Highlights: "Dreams", "Down With the Clique", "Way to the Show"

 

Eli Paperboy Reed - 99 Cent Dreams

Eli Reed is a clear example of natural talent paired with hard work and the right mentors and environments to develop his craft. He grew up in Brookline, Massachusetts and busked in Harvard Square to hone his self-taught skills on piano, guitar, harmonica, and as a singer. After finishing high school, he found work and moved to Clarksdale, Mississippi, but when the work fell through he began performing all over the city and earning the nickname “Paperboy,” due to the newsboy hat he often wore. At his parent’s request, he moved to study at the University of Chicago, where he ended up being mentored by Mitty Collier, a 60s soul singer who was so impressed with Eli that she gave him the Minister of Music position at her church until he moved out east to Boston. He then formed a band called the “True Loves” and began recording and performing over the next several years, gaining a following that landed him opportunities at SXSW and eventually signing with Warner Bros. With 99 Cent Dream, Eli returns to an indie label while continuing to deliver his brand of modern soul that is reminiscent of Mark Ronson’s work with Amy Winehouse. Soulful singing, catchy hooks, and a solid list of collaborators makes this release a fun listen and a great addition to anyone’s playlist! You can catch him at S.P.A.C.E in Chicago on May 11th!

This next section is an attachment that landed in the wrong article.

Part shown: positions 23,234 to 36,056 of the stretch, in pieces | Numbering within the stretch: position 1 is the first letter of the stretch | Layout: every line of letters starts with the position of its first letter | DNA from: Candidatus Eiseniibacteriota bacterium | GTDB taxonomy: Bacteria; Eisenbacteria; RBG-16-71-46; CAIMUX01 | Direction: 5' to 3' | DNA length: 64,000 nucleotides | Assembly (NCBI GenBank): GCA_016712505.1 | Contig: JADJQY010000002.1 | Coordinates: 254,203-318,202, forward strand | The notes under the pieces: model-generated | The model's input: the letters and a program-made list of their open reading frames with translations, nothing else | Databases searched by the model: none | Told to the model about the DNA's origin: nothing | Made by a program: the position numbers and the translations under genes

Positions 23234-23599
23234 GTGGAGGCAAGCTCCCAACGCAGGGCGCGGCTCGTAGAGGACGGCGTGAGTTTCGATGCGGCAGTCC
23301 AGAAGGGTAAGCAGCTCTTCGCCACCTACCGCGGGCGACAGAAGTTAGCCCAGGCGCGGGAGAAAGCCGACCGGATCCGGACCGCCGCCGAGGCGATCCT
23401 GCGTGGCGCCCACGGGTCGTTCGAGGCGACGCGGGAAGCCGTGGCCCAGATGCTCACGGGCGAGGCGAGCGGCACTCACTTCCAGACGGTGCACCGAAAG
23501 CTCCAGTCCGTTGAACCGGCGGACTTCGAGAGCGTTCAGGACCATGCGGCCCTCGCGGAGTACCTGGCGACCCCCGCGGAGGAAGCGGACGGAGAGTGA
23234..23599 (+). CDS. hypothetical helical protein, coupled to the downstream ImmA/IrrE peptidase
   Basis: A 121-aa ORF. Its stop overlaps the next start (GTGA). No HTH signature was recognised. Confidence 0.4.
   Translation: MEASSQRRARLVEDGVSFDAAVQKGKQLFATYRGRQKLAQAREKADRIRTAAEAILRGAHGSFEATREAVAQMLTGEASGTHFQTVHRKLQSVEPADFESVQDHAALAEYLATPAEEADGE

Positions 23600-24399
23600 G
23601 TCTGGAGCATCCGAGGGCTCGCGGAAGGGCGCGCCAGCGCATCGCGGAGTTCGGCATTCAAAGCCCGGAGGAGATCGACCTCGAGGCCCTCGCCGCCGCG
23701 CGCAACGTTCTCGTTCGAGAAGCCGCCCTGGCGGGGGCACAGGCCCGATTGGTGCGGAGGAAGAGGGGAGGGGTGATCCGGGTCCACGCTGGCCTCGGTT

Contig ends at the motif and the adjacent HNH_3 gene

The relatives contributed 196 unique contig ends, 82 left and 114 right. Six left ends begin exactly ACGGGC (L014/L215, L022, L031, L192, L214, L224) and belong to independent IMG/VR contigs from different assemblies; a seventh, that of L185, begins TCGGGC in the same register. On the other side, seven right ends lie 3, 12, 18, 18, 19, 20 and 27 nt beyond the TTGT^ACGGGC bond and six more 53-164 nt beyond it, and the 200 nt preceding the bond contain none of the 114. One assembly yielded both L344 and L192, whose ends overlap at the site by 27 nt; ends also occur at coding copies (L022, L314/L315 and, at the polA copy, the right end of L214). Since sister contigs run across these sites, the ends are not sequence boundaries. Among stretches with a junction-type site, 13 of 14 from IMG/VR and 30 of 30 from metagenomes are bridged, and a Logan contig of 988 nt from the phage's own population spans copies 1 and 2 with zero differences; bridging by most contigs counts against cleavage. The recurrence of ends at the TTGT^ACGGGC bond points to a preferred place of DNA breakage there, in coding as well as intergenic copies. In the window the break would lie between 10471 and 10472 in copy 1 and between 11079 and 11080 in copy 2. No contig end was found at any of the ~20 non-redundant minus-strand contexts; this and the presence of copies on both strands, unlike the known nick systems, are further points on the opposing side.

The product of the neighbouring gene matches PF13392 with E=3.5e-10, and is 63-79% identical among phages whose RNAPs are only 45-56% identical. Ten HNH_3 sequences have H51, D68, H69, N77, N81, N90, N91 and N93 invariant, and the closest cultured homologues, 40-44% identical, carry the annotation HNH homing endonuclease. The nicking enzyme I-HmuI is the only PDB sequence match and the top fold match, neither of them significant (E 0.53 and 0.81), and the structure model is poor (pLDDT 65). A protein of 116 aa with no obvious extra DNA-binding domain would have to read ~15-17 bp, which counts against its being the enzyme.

Highlights: "99 Cent Dreams (ft. Big Daddy Kane)", "News You Can Use", "Coulda Had This"

 

Gary Clark Jr. - This Land 

This guitarist has been compared to blues and rock icons like Stevie Ray Vaughan and Jimi Hendrix, but Gary Clark Jr. has stood out among the many Texas guitarists by combining contemporary soul, rock, blues, and hip-hop into a distinct sound. He has also been scene on the big screen, collaborated with political activist musicians like Tom Morello, and has even self-produced some of his records, showing a wide range of skill sets. This Land is a statement about being a black man living in the current political and social climate of Texas. The gritty guitar playing overtop driving rock/hip hop tracks pair nicely with the commentary on the political landscape, showing that even as a popular artist he can still carve out an avenue on his platform to speak on issues that he is observing and experiencing. Nestled in the the cracks of the album are instances of more traditional blues playing, speaking to his roots as a musician and stripping down arrangements to their essential elements. If you’ve been interested in his music, now is a great time to hear Gary Clark Jr. in his element! You can catch him on his extensive touring schedule on August 4th at the Meadow Brook Amphitheatre in Rochester Hills.

 

Highlights: "What About Us", "The Guitar Man", "Gotta Get Into Something"

 
 
New Music Monday is a collaboration with WYCE Staff and Dutcher SnedekerThese among others are all available for request at wyce.org/request or call (616) 742-9923 For a complete list of everything we add visit: grcmc.org/wyce/music/library